Here's the list of options available, which you can explain to your clients:

  • Credit/Debit Cards: Clients can pay by credit or debit card through certain third-party providers like Official Payments Corporation and PayUSAtax. Be aware that there are often extra fees for using this method.
  • Check or Money Order: They can mail in a check or money order made out to the “United States Treasury”, with their Social Security Number written on the back. It must be postmarked by the due date, so they need to leave enough time for postal delays.
  • Cashier's Check: This is similar to a regular check, but more secure since it comes from a bank rather than an individual. If your client is making a large payment (over $2k) then this may be preferable, as it's less likely that there will be any problems with it.
  • Electronic Funds Transfer: This option is available from some banks. Clients can set up a one-time or recurring transfer, which will be sent directly to the IRS on the due date. This works much like Direct Debit but requires less effort and is more secure since your bank is in charge of sending the payment rather than you.

The payment deadline for owed tax is the same as the filing deadline. Reinforce with your clients the importance of paying on time – the IRS is not known for its leniency when it comes to late payments. They’ll be charged 0.5% per month for any payments that are late up to 25% of the owed balance.

Requesting a refund

At times, you might be in a situation where you need to request a refund for a client. Perhaps you accidentally miscalculated their taxes (it's not uncommon – about 16 million people overpaid the IRS in 2021).

In that case, you can file an amended tax return to claim the refund for your client. You must use Form 1040X and make sure that you include all relevant documents with it, such as any W-2 forms or other income statements.

If the amended return results in a refund, your client can choose between getting it by check or direct deposit into their bank account. This is often the fastest way to get their money back – it may take up to 8 weeks for a check to be issued, whereas direct deposits usually arrive within 3 weeks after filing.

Getting an extension

Are you unable to file your client’s tax on time? Don't worry – you can apply for an extension. This will give you and your client up to 6 months extra to get everything sorted out, although interest still applies if they owe taxes during that period.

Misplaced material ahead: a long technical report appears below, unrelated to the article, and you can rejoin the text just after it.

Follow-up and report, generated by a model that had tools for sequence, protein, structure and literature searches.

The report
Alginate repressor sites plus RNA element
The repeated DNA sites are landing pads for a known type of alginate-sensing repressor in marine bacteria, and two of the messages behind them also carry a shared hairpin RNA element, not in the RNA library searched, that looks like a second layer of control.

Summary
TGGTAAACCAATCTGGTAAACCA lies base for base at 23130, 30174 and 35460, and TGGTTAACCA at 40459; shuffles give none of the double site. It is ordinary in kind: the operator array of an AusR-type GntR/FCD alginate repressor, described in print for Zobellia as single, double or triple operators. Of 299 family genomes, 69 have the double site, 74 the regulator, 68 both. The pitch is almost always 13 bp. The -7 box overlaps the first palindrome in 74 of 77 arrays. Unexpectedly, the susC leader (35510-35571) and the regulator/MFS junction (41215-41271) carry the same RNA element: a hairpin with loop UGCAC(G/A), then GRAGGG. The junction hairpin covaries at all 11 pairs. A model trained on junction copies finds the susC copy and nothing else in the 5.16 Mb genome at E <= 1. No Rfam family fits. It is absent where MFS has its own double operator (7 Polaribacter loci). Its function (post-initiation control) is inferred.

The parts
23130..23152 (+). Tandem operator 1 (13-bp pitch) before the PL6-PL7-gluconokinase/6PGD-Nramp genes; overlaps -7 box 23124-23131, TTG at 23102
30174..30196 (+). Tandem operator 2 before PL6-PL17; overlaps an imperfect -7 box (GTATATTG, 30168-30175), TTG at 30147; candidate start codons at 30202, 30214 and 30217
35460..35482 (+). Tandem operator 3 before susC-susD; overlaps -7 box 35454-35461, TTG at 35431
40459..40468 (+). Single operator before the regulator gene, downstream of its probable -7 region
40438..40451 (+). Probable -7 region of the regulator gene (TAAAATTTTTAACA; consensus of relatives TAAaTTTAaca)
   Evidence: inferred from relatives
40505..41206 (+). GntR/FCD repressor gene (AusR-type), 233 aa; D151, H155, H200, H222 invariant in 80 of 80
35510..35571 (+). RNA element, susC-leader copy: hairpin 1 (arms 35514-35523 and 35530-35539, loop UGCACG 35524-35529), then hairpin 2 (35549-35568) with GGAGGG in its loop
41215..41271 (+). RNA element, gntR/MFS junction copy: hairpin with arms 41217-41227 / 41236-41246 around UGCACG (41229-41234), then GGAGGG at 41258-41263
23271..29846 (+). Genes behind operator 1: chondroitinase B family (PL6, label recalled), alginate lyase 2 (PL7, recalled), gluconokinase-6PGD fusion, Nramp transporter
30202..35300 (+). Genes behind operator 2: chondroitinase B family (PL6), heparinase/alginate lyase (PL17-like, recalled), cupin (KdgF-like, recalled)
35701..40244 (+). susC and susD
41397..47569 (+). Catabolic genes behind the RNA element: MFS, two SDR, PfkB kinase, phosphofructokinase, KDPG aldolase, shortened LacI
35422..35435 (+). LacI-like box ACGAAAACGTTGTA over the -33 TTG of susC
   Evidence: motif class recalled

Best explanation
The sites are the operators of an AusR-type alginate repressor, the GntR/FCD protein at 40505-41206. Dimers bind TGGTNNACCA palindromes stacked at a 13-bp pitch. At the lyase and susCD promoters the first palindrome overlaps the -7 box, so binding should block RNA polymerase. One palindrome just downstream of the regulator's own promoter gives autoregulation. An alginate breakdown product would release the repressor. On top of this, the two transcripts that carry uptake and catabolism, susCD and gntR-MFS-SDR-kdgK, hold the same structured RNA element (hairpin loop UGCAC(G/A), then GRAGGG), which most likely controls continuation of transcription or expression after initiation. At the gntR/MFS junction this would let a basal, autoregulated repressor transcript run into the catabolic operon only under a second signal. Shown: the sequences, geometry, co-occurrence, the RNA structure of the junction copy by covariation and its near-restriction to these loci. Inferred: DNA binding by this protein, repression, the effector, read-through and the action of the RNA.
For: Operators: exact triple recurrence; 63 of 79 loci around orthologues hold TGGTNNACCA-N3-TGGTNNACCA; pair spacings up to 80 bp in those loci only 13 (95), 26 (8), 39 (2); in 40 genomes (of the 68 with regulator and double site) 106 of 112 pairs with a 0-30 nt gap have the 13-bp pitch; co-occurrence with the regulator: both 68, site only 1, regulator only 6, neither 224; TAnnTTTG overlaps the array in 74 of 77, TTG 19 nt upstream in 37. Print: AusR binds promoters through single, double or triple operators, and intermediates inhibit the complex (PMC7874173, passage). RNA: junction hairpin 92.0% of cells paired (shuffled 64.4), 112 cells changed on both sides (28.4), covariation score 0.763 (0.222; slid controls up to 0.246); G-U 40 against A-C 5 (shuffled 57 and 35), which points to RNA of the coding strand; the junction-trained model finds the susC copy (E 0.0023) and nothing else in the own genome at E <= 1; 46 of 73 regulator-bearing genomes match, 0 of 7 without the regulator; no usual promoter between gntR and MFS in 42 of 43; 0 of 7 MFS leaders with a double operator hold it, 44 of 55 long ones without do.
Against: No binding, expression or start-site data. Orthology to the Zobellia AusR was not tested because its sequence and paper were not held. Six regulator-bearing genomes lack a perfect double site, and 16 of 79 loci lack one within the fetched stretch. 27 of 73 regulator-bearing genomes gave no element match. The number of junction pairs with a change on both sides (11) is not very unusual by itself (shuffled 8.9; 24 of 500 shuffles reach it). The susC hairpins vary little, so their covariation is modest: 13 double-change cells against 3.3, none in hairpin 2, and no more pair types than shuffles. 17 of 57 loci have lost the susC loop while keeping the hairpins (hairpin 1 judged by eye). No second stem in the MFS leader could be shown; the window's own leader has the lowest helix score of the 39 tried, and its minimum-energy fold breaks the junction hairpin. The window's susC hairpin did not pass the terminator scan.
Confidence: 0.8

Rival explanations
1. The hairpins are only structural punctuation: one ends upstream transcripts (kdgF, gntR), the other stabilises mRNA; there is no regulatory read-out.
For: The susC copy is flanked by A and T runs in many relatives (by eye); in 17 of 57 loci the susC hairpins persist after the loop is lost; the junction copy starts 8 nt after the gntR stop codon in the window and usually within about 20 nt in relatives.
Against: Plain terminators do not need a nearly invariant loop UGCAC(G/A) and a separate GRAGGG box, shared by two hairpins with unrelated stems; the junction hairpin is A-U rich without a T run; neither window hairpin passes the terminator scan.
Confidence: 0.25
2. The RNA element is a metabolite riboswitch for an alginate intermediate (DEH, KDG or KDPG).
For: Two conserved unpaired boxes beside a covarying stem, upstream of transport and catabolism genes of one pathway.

To request an extension, fill out Form 4868 and send it in or submit it online before the due date. You don't need to provide any explanation as to why you're requesting the extension, but make sure that your client’s estimated tax payment is accurate so they can avoid hefty penalties later on down the line.

Responding to IRS correspondence and audits

If you receive any kind of correspondence from the IRS, make sure to respond as soon as possible. The letter will usually provide instructions on how to proceed and what documents are required.

In the case of an audit, take it seriously – you'll need to provide evidence that backs up your clients’ claimed deductions and other expenses. Make sure you have all relevant paperwork prepared before meeting with the auditor since they'll be expecting everything to be in order.

Helpful resources

Even if you’re a trained tax preparer, having all of this tax information presented on one page can be overwhelming. Don't fret – help is at hand, in the form of software, guides, and more.

Tax preparation software

Accounting software can make tax preparation a breeze. From tracking expenses to generating reports, they can take the stress out of filing taxes and help your clients get a better return. Some popular programs include TurboTax, TaxAct, and H&R Block.

At Bonsai, we've got tools specifically designed to help you out with clients come tax season. Our expense tracker keeps tabs on expenses, profit, income before and after fees, and tax deductions – and we'll remind you about upcoming filing dates.

IRS publications

Keep in mind that the IRS itself has plenty of information pertaining to taxes that can help you in preparing your clients’ returns. The IRS website is full of helpful resources, including Form 1040 and its instructions, which are both essential tools for filing. There are instructions written up for every single form and schedule.